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Akhenaton may have suffered from two genetic disorders

The Egyptian pharaoh Akhenaton’s voluptuous body shape and elongated head and neck, recorded in ancient depictions of the male ruler, have long perplexed historians. Irwin Braverman, a professor of dermatology and an expert on visual diagnosis at the Yale University School of Medicine, is offering a theory on the characteristics, which are not found in representations of other pharaohs: Akhenaton may have suffered from two genetic disorders that affect body shape.

Tutankhamun's Father identified

An inscribed limestone block found in a storeroom at el Ashmunein shows that Tutankhamun was the child of Akhenaten. The stone block was used in the construction of the temple of Thoth during the reign of Ramesses II. See also:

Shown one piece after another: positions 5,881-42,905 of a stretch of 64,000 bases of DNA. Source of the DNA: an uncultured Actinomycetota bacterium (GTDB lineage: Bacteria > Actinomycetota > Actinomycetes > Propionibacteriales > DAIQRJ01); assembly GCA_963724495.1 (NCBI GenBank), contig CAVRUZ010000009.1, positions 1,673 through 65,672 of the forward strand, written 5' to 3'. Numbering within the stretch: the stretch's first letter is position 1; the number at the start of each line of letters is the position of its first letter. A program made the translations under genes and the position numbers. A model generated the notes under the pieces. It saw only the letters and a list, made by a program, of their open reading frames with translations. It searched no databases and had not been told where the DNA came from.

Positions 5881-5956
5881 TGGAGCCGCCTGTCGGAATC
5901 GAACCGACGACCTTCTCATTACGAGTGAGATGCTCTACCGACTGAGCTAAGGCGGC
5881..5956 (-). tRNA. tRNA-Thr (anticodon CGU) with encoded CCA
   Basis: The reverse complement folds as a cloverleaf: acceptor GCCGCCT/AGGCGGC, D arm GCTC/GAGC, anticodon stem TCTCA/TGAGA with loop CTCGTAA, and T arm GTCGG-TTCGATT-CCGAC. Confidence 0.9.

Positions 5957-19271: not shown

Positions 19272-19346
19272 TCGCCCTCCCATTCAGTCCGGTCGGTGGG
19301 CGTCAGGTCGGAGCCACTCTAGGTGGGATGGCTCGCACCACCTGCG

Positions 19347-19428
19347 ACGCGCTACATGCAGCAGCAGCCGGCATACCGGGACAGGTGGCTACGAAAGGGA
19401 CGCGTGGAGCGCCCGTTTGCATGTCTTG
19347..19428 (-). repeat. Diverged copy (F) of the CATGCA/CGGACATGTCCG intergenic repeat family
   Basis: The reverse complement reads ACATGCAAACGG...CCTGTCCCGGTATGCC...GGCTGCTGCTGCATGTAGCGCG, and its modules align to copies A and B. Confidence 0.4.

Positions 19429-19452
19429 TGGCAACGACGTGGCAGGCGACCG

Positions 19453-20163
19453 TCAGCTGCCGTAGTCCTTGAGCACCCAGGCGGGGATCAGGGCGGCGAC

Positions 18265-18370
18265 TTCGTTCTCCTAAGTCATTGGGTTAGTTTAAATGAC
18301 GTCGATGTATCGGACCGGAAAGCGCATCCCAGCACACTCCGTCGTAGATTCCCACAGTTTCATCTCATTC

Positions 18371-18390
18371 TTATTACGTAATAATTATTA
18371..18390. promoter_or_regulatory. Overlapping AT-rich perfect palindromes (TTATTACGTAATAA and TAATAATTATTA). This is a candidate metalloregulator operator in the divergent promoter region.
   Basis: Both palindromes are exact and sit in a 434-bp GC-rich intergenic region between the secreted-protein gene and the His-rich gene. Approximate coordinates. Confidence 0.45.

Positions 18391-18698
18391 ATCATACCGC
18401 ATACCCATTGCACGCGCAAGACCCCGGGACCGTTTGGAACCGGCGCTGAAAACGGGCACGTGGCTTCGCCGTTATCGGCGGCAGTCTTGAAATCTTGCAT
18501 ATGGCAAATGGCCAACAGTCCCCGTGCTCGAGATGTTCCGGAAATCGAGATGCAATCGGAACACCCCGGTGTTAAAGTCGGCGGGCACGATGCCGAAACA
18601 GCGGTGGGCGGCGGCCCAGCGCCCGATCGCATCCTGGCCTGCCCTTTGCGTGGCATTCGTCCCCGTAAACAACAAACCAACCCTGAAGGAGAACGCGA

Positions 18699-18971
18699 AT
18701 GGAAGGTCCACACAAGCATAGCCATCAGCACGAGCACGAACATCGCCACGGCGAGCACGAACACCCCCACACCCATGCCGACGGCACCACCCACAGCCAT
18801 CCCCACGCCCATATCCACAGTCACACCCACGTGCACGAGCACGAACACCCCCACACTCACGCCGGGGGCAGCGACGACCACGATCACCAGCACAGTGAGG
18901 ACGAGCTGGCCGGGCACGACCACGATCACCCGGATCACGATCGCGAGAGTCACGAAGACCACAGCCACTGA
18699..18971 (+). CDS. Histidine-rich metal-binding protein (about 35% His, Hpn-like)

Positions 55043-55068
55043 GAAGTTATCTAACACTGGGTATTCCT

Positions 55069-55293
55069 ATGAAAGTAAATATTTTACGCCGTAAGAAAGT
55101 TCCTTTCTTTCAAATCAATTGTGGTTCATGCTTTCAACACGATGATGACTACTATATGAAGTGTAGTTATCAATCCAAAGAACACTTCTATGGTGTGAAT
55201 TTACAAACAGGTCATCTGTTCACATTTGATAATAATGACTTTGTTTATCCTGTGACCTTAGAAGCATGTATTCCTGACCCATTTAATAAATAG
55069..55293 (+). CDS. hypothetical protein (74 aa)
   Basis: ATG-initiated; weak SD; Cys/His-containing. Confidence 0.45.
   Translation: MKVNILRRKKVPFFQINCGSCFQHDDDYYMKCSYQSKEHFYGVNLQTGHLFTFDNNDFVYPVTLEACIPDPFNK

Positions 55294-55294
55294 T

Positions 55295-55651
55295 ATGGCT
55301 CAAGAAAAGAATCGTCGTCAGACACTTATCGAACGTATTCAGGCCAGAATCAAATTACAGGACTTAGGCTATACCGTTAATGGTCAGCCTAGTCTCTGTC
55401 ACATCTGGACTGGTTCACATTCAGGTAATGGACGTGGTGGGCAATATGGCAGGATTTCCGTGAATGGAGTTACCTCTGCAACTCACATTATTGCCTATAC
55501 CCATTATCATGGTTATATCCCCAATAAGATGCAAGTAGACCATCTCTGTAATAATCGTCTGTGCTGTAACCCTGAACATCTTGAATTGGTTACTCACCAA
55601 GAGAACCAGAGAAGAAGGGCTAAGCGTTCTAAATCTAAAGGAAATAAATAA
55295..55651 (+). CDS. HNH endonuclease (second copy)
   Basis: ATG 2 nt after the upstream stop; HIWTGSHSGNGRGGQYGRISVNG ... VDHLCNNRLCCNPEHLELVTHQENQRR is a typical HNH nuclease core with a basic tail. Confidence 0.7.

New Theory about Akhenaten

The pharoah's female form was due to a genetic mutation that caused his body to convert an excessive number of its male hormones to female hormones, Dr. Irwin Braverman was due to tell a conference on the deaths of historic figures. U.S. Egyptologist Donald B. Redford backed Dr. Braverman's belief that Akhenaten had Marfan syndrome, a genetic disorder marked by lengthened features, including fingers and the face.

Hawass article about KV55

Hawass argues on ground of newly made CT scans that the mummy found in KV55 is that of Akhenaten.

Hawass chides anti-Akhenaten statements

Secretary General of Egypt's Supreme council of Antiquities(ESCA) Zahi Hawwas slammed statements by British Professor Barry Kemp and Professor Jerry Rose, of the University of Arkansas, USA, distorting the history of pharaonic King Akhenaten and the construction of his city in Amarna.

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